Old School mysteries rock

Of late I have found myself hungry for the delights of old school mystery writing.  Cracking the pages of some of these classic works, I feel I’ve discovered something perhaps many of you already knew: they really ROCK.

In the last month or so, I’ve read Agatha Christie (Murder in Mesopotamia and The Murder of Roger Ackroyd) and Sir Arthur Conan Doyle’s Sherlock Holmes (Hound of the Baskervilles), and I’ve got more of both, plus a Dorothy Sayers novel, waiting on the nightstand.

Here are a few reasons I think these books have stood the test of time and remained engaging (even refreshing) after so long:

Crime and murder doesn’t equal depravity and gore. 

Now, don’t get me wrong, I like a good blood-soaked, psychological thriller as much as the next girl, but damn is there something lovely about reading a mystery that manages to convey dread and suspense without showing every lurid detail and making every villian into a sociopathic monster who would rape his own mother.  These books rely on good writing, the creation of atmosphere and mood, and deft and clever characterization to do their work — and they are the richer for it.

Who dunnit?  *bites nails in suspense*

“Who dunnit” is a good question when it comes to old school mysteries.  Christie and Doyle knew how to keep us guessing until the very last page – bringing each character under the light of suspicion in turn.  In a lot of contemporary crime novels we learn the villian’s identity relatively early and the plot revolves around a sort of dance (classic ‘battle of wills’) between the evil antagonist and the heroic protagonist.  In old school mystery writing, there’s a lot more grey area — everyone has something to hide, which makes it much harder to pin down the bad guy (or gal).

My dear Watson

Too right, Holmes — these classic authors of mystery really knew how to create memorable characters.  Holmes is an obnoxious bore of a know-it-all and Watson his long-sufferingly loyal compassionate everyman.  They are the perfect team, their partnership as endearing as it is enduring.  The same can be said for Hercule Poirot, Agatha Christie’s fussy, delightful, always enigmatic but never-wrong inspector.  As readers we can count on these characters to take us through the darkness and into the light, and to always throw in a few good surprises along the way.

In short, old school mysteries are wonderful comfort food of the kind I suspect I will forever-after be hungry for.

So, to help me feed my new addiction, I beg not only your thoughts on the delights of old school mysteries, but also the generous sharing of your favorite, not-to-be-missed titles.

Happy reading (and detecting!) 🙂

9 thoughts on “Old School mysteries rock

  1. Lora

    Have you read the series that begins with The Beekeeper’s Apprentice? They were written using the Sherlock Holmes and Watson characters, with a girl added to the mix. It’s been a while since I read them, but I think one of them has a different account of the Hound of the Baskervilles. I really liked them, once I got over the creepiness factor of the May-December romance.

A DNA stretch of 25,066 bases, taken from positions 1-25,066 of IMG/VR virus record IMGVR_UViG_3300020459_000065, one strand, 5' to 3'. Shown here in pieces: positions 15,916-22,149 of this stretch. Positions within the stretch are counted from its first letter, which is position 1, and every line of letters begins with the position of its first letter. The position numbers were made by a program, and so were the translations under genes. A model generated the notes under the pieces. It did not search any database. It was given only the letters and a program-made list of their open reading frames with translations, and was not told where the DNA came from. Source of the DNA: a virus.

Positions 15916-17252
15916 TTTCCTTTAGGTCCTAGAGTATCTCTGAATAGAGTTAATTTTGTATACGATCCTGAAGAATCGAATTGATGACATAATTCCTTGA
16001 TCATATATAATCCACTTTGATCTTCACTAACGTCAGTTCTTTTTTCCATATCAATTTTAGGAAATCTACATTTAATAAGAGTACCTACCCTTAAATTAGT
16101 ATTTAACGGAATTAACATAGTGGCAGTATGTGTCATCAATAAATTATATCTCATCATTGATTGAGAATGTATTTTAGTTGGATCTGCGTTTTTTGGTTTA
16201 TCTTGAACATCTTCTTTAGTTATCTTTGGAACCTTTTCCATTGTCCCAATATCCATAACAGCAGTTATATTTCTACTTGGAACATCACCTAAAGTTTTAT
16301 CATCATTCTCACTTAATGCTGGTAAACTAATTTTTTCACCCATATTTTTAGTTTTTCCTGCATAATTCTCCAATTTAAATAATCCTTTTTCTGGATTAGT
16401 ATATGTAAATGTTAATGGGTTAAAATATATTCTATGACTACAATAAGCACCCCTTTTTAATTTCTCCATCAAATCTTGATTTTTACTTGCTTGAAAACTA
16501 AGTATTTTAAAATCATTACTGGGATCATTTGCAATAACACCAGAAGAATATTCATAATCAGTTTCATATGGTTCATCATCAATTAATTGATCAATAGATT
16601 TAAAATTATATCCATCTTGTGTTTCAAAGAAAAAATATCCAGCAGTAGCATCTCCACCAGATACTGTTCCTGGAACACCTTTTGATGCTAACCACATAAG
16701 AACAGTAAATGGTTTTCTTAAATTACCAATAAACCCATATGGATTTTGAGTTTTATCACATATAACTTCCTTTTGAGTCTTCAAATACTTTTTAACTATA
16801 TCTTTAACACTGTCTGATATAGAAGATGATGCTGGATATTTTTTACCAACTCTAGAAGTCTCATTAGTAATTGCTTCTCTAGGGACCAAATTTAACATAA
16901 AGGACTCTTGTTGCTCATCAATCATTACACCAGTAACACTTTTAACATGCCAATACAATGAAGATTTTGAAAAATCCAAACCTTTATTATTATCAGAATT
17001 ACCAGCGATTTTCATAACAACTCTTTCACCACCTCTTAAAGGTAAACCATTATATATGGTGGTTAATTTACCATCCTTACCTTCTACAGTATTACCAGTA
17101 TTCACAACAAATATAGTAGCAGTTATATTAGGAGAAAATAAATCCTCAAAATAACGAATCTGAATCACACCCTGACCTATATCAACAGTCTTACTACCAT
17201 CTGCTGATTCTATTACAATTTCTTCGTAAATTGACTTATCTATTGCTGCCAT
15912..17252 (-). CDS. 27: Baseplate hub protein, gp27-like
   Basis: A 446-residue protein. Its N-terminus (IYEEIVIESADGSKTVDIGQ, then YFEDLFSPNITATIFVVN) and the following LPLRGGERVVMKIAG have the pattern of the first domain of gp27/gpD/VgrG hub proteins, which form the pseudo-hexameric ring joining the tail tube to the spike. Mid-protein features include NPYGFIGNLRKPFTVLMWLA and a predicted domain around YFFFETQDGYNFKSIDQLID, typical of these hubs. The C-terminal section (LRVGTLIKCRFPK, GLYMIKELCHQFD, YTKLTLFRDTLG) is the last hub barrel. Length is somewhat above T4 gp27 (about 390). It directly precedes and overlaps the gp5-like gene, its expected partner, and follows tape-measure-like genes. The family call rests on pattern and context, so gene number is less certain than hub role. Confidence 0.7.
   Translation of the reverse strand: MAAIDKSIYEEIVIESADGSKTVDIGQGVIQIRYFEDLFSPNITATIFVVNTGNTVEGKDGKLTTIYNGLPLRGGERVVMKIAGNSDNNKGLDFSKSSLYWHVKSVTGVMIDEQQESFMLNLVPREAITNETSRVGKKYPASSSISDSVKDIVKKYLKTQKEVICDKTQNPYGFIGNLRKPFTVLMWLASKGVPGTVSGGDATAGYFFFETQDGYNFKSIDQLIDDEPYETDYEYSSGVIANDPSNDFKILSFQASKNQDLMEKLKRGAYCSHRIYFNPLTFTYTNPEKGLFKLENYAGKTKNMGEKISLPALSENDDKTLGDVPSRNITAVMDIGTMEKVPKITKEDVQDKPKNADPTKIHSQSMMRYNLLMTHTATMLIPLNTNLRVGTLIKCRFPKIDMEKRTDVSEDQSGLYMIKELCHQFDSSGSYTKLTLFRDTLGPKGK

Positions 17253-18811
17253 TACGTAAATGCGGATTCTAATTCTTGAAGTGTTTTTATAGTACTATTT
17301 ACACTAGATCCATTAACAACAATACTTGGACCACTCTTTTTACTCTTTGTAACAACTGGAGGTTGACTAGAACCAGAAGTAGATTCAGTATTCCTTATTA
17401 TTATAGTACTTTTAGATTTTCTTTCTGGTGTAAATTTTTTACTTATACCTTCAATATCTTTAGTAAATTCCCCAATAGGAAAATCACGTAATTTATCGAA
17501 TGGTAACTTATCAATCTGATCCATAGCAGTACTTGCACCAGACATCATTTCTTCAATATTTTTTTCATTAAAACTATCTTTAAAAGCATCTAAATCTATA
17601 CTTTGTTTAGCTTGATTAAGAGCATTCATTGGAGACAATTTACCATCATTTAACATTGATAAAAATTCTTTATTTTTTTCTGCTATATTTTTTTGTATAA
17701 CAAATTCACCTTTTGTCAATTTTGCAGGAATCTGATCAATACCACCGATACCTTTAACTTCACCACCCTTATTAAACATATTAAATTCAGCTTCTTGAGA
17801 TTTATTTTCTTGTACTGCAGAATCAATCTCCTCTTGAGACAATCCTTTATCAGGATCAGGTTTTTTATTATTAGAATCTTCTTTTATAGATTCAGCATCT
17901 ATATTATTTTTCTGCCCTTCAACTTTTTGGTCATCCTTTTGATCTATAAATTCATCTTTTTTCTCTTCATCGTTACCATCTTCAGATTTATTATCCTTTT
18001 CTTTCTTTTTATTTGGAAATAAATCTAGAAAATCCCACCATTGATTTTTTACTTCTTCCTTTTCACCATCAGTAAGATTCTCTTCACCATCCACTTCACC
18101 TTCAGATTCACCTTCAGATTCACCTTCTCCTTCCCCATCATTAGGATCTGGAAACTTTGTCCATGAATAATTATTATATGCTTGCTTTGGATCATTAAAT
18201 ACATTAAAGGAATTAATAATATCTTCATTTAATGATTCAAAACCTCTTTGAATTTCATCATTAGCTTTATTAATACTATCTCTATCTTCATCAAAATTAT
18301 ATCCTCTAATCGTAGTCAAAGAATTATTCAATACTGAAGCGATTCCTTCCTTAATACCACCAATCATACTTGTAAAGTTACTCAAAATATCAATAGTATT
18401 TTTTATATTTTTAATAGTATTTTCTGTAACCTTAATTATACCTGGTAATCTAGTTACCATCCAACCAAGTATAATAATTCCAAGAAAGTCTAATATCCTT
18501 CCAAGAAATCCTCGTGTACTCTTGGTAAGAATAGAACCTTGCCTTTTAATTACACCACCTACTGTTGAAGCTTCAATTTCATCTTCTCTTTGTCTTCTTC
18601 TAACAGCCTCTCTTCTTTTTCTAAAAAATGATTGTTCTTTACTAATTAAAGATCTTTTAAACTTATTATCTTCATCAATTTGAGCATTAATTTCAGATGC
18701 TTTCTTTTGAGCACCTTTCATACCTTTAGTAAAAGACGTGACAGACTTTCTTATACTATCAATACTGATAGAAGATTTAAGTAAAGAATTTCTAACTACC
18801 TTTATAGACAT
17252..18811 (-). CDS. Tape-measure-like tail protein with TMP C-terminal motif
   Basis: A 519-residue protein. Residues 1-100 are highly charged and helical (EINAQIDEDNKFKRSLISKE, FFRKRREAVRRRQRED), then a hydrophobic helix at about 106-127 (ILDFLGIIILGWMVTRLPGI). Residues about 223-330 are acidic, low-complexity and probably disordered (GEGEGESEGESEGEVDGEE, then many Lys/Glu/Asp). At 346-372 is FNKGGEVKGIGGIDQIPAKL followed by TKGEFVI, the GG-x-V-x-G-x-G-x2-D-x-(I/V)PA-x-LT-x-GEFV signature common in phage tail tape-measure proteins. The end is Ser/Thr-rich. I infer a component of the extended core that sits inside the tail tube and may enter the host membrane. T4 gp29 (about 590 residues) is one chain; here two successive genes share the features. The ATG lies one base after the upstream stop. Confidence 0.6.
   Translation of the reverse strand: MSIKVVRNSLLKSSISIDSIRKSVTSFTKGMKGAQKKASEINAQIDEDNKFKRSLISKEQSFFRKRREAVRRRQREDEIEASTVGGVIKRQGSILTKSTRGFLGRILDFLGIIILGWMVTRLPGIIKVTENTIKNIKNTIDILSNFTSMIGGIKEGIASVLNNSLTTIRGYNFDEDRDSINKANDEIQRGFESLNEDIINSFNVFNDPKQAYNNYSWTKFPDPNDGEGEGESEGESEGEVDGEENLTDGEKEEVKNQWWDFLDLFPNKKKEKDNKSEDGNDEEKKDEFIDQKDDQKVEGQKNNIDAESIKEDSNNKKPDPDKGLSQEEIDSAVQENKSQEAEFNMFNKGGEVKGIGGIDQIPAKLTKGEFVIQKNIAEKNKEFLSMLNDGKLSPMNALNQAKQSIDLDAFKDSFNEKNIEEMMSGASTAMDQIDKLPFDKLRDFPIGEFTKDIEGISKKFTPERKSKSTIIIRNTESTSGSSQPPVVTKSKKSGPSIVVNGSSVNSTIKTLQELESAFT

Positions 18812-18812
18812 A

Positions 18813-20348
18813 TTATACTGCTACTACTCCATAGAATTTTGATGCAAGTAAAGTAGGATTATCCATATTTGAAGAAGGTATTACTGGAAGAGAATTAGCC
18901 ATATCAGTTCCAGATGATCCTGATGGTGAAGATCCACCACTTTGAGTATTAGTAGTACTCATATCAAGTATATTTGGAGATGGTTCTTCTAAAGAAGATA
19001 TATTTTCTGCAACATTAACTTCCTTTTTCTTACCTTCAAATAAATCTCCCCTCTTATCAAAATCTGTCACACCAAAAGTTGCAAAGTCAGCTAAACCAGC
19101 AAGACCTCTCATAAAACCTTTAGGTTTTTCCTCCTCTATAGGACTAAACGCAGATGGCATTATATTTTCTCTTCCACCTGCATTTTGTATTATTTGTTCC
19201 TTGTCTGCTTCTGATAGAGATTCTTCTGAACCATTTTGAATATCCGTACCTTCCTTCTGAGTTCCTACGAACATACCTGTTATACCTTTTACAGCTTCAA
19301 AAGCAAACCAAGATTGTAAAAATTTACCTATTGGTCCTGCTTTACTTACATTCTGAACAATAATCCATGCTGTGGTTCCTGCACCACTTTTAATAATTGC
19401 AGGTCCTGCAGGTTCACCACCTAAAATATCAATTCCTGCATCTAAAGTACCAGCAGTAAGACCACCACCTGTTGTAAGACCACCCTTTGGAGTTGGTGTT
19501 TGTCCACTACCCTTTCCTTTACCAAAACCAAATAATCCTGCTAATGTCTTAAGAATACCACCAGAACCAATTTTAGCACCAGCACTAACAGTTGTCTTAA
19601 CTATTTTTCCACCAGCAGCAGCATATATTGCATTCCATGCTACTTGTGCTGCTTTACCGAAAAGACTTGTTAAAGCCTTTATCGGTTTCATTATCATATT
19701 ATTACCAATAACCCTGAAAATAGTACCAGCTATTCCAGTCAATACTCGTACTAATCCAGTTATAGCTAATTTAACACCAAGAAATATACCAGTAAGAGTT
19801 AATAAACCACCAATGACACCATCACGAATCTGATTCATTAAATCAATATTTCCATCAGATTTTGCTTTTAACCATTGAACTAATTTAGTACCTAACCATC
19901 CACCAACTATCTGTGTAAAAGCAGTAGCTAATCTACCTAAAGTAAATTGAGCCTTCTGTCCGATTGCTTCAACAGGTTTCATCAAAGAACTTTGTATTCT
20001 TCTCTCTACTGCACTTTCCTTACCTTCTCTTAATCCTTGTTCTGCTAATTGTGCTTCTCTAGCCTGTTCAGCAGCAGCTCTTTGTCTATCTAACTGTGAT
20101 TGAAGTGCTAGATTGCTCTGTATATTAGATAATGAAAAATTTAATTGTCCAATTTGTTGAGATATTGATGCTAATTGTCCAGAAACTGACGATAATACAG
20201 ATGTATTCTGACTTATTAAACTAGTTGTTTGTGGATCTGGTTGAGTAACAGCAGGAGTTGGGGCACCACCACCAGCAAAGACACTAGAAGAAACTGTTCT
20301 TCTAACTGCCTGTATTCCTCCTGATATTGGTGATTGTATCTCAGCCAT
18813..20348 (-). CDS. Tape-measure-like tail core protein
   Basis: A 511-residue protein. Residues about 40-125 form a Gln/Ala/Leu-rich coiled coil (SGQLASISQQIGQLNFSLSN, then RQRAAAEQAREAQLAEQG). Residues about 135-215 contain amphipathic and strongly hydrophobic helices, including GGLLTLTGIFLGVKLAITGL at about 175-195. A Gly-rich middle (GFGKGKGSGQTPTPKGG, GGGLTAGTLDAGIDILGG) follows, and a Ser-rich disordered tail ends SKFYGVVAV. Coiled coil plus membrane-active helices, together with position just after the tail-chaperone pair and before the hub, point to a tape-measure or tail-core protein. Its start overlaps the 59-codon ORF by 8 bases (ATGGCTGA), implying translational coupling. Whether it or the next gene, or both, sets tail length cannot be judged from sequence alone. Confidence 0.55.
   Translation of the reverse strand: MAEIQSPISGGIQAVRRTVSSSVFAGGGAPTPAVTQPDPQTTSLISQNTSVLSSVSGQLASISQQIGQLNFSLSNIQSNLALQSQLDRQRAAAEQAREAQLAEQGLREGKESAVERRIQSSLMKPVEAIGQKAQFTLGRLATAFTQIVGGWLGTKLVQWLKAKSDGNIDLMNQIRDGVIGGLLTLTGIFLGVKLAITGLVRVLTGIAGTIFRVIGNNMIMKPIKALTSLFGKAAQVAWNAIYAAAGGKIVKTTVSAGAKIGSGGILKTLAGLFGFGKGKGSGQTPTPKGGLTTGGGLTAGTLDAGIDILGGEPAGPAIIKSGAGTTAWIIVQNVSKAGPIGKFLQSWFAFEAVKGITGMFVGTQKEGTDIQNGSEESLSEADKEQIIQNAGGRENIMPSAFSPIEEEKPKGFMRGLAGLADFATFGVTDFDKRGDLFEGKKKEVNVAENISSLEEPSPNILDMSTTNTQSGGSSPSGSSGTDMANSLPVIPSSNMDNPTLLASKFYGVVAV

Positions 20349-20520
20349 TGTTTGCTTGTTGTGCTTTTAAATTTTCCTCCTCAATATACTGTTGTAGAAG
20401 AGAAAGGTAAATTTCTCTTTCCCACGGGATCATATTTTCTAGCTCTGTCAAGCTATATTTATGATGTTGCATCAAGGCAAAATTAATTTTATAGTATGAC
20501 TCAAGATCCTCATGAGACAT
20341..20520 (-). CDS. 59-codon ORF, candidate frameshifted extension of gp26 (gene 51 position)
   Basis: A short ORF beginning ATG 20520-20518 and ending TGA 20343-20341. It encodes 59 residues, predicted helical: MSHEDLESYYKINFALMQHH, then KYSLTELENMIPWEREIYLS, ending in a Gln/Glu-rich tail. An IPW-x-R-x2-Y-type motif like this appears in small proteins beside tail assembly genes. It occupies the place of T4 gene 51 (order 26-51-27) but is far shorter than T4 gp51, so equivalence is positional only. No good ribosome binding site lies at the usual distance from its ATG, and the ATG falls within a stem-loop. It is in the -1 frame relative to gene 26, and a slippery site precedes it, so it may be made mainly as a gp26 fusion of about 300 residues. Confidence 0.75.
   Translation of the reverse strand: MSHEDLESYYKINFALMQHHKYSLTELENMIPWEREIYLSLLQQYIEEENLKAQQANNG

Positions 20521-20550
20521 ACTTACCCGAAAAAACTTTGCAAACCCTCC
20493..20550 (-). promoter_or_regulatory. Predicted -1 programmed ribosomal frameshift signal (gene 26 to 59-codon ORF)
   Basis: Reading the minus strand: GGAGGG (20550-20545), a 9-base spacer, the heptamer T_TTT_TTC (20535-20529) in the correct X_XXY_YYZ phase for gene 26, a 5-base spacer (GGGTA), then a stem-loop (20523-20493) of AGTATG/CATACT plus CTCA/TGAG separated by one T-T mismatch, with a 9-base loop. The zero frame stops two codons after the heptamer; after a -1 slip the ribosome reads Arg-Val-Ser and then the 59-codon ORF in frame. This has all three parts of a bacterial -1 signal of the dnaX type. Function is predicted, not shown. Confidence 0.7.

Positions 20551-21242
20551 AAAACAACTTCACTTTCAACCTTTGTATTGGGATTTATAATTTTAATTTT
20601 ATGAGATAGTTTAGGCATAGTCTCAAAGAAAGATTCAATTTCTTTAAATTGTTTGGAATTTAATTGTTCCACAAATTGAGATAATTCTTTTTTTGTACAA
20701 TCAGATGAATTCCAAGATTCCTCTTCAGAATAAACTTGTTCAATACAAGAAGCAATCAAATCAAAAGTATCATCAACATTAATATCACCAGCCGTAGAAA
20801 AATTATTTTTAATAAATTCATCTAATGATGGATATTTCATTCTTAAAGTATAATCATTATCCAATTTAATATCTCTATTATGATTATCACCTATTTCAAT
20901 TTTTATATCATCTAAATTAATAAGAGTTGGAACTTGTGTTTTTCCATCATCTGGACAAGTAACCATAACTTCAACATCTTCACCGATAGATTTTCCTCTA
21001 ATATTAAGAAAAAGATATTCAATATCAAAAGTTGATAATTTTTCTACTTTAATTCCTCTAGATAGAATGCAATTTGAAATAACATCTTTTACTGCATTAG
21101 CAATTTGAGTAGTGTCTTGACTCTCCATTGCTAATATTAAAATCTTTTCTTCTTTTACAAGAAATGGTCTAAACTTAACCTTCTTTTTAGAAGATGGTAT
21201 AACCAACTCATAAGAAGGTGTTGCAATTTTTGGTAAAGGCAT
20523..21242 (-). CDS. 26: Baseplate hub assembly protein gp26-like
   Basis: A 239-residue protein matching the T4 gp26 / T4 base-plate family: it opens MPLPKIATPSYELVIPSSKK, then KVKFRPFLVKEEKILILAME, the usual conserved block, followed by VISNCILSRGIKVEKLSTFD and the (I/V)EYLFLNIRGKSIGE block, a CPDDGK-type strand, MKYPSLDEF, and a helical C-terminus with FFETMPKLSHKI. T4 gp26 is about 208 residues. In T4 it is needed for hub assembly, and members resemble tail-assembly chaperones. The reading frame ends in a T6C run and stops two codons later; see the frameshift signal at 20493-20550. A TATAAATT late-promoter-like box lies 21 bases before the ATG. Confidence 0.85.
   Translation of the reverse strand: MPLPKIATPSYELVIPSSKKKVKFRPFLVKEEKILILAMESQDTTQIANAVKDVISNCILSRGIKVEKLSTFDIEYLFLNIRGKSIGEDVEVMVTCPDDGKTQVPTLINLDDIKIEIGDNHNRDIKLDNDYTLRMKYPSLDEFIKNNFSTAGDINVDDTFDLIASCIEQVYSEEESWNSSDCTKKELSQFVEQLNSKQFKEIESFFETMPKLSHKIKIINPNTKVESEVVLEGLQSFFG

2. Kristin

    I love Agatha Christie. My favorite character of hers is Poirot. When I was a kid a read a book of hers where Poirot had to complete twelve tasks similar to those of Hercules. I don’t remember what it is called, but I want to read it again and can’t find it. Although not a book, Gosford Park, is a fabulous mystery movie that I love watching. The characters are so rich and it keeps you guessing all the way through.

  3. EF Kelley

    Alas, I don’t read too many mysteries, but I have always enjoyed them. One of my planned worlds is a noir-ish fantasy set in a battered port city with the MC as a hard-bitten watch inspector who is hiding the secret shame that he’s a wererat. TONS of fun there. 🙂 (And if you got through that sentence, I commend your stamina.)

    You know, your mention of ‘all characters under suspicion’ reminds me of a Deep Space Nine conversation between Doctor Bashir and Garak.

    It went something like:

    Bashir: The trouble with Cardassian enigma tales is that they all end the same way: all the suspects are always guilty.
    Garak: Yes! But the challenge is determining exactly who is guilty of what.

    Such fun. 🙂

  4. John P. Murphy

    Oh man. I love these books. I have shelves full of them. The book Kristin’s referring to above is The Labours of Hercules. It’s good, but not Christie’s best. (I blogged about the first half of the book last year, but abandoned the effort when I realized that nobody was reading it) If you want to read her short mysteries, you might try The Thirteen Problems, which has Miss Marple rather than Poirot.
    For that matter, I got into Viable Paradise with a short mystery in the Golden Age style, and am shopping a few around right now. 🙂

    So what else… The Nero Wolfe mysteries by Rex Stout are a lot of fun. The odd-couple-ish rapport between Wolfe and Goodwin adds a lot to the mysteries. A&E did a phenomenally good series based on these books a few years back with Maury Chaykin and Timothy Hutton, and actually managed to improve on them a bit.

    Margery Allingham’s Campion mysteries have a light-hearted style, but are more of the adventure mode than Fair Play mystery. I enjoy them, but they’re not going to keep you guessing the way the others are.

    Let me know if you want more (or specific) recommendations, I can offer plenty 🙂

    1. mirandasuri

      Wow, John, you are a mystery fan! Thanks for the awesome recommendations! Are you on Goodreads? If so, seems like I’d better start following you 🙂

      1. John P. Murphy

        I am, sort of — I signed up wanting to follow other people, but never bothered to put in my own ratings. Maybe I’ll do that today, it looks like it’ll be a slow morning.

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